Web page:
Coaches & managers are in the news at the moment, particularly with regards to England Football and England Rugby. For what its worth, my view is that England Rugby set up has it right with appointing an overall head coach, with a Defence coach, forwards coach, attack coach – experts in the relevant field. Looking at the football side, why not have a central figurehead, with coaches such as Southgate and Pearce, not just training England as and when required, but then going to clubs up and down the country preaching the England way – how England want to do things, getting the message right and inspiring players to develop.  I adopt the experts method when coaching my under 11s rugby team, with a fitness coach, forwards coach and backs coach and someone overlooking to ensure that all players develop equally and to the best of their ability.

It is clear that having the right support, expertise and coaching is vital in business as well as on the sports field.  In order to survive over the next few years, law firms need to surround themselves with the correct support team. The most important is someone concentrating solely on funding, profitability and costs. It still surprises me how many solicitors only think about the client’s interests. This is admirable, but you cannot support/protect your client with nothing in the bank. However, not all firms can employ someone full time to do this, so why don’t you outsource to the experts?

We have 10 years experience in doing exactly what all firms need to concentrate on – money. Let us ensure that you can protect your clients knowing that your cashflow is secure, that someone is protecting your interests, that your retainers, funding arrangements, costs recovery and reputation are preserved, protected and underwritten by the best provider – Carlisle Legal Costing.

Costs in Employment Tribunal cases

Changes to the power of tribunals to award costs are expected to be introduced in April 2012.

It is intended that the cap on tribunals to award of costs will increase from £10,000 to £20000, unless assessment is by the court where higher awards may be achieved. We recently recovered £400,000.

To make matters more ‘interesting’ the increase in cap is to be coupled with a move away from the general presumption of ‘No Order For Costs” towards the normal presumption of civil matters which is costs follow the event, and the loser pays with both parties being able to ask for their costs if offers have been beaten.

This change is in stark contrast to the Jackson reforms where costs certainty is being preached and moves are afoot to introduce more fixed costs and qualified one way costs shifting – as in the defendant cannot seek to recover costs.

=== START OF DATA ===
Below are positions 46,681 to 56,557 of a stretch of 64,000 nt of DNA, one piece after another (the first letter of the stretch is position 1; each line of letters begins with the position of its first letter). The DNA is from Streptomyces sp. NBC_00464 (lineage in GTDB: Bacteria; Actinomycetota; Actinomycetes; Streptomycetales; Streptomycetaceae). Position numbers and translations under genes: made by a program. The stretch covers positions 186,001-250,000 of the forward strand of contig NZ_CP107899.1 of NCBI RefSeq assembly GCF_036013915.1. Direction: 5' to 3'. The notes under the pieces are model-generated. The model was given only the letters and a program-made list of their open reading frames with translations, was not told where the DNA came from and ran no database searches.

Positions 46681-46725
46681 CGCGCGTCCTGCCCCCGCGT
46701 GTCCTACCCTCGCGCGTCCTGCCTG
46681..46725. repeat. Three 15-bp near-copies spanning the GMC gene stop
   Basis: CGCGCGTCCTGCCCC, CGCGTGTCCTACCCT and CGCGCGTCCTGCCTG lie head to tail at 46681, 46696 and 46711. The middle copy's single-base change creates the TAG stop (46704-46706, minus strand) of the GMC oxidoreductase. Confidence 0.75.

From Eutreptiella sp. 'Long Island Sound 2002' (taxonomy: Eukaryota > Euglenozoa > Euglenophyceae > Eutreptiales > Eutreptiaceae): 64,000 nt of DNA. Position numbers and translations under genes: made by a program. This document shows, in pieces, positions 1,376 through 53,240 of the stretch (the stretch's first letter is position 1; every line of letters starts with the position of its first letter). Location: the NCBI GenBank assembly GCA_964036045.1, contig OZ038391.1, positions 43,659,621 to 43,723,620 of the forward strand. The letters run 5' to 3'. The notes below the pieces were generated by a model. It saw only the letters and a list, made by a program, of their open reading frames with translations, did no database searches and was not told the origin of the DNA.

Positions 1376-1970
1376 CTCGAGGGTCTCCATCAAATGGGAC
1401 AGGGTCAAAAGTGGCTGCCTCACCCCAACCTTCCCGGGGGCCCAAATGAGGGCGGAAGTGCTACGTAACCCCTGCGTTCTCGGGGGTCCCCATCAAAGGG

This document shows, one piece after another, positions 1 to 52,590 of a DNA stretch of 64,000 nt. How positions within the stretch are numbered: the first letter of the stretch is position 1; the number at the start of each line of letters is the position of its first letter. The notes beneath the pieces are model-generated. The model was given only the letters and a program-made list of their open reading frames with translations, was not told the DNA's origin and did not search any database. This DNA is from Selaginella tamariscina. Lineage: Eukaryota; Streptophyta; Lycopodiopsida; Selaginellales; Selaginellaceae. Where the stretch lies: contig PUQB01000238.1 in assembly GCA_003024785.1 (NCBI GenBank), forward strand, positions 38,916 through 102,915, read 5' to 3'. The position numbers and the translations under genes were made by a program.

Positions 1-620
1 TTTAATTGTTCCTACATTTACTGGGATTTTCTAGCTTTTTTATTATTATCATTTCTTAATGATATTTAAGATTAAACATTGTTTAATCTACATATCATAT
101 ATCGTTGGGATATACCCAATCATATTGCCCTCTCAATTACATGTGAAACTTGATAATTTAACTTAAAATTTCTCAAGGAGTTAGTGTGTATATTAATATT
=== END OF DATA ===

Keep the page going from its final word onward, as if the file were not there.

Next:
It is clearly a good time to check your retainers, whether they be damages based agreements (contigency fee agreements) or Legal Expense Insurance for companies given the changes in costs consequences.

Carlisle Legal Costing are experienced in advising on client care retainers as well as recovery of costs from tribunal matters. Contact us on 01228 63 55 45 if you require any further advice or assistance.


LSC Costs Recovery Action Success

The Legal Services Commission has successfully obtained judgment on the rights to recover payments on account made under the Legal Aid Act 1988 – LSC v Loomba and others [2012] EWHC 29 (QB), Cranston J.

The case involved three claims listed together as test cases. All three claims concerned moneys which the LSC asserted were owing to it by solicitors as a result of legal aid payments to them on account of work being undertaken for clients in civil cases. The Commission contended that the claims were authorised by law. Since it concedes that there were no express legislative power to make the claims, its argument raised some difficult issues of statutory interpretation. If the claims cannot be legislatively justified the Commissions advanced other legal bases for them, including restitution. The defendants contended that there was no legislative authorisation for the Commission’s actions, and in any event the claims are defeated by various defences. They also submitted that the Commission’s claims fail for public law reasons including the unfairness with which they have been pursued.

Judgment was entitled to recoup the payments on account in the manner it has pursuant to the incidental power in section 4(1) (b) of the 1988 Act.

This case highlights the need for lawyers reporting properly to the LSC, particularly when winding up a practice, and involving costs experts to prepare the appropriate bills of costs and claim forms to ensure costs are accounted for.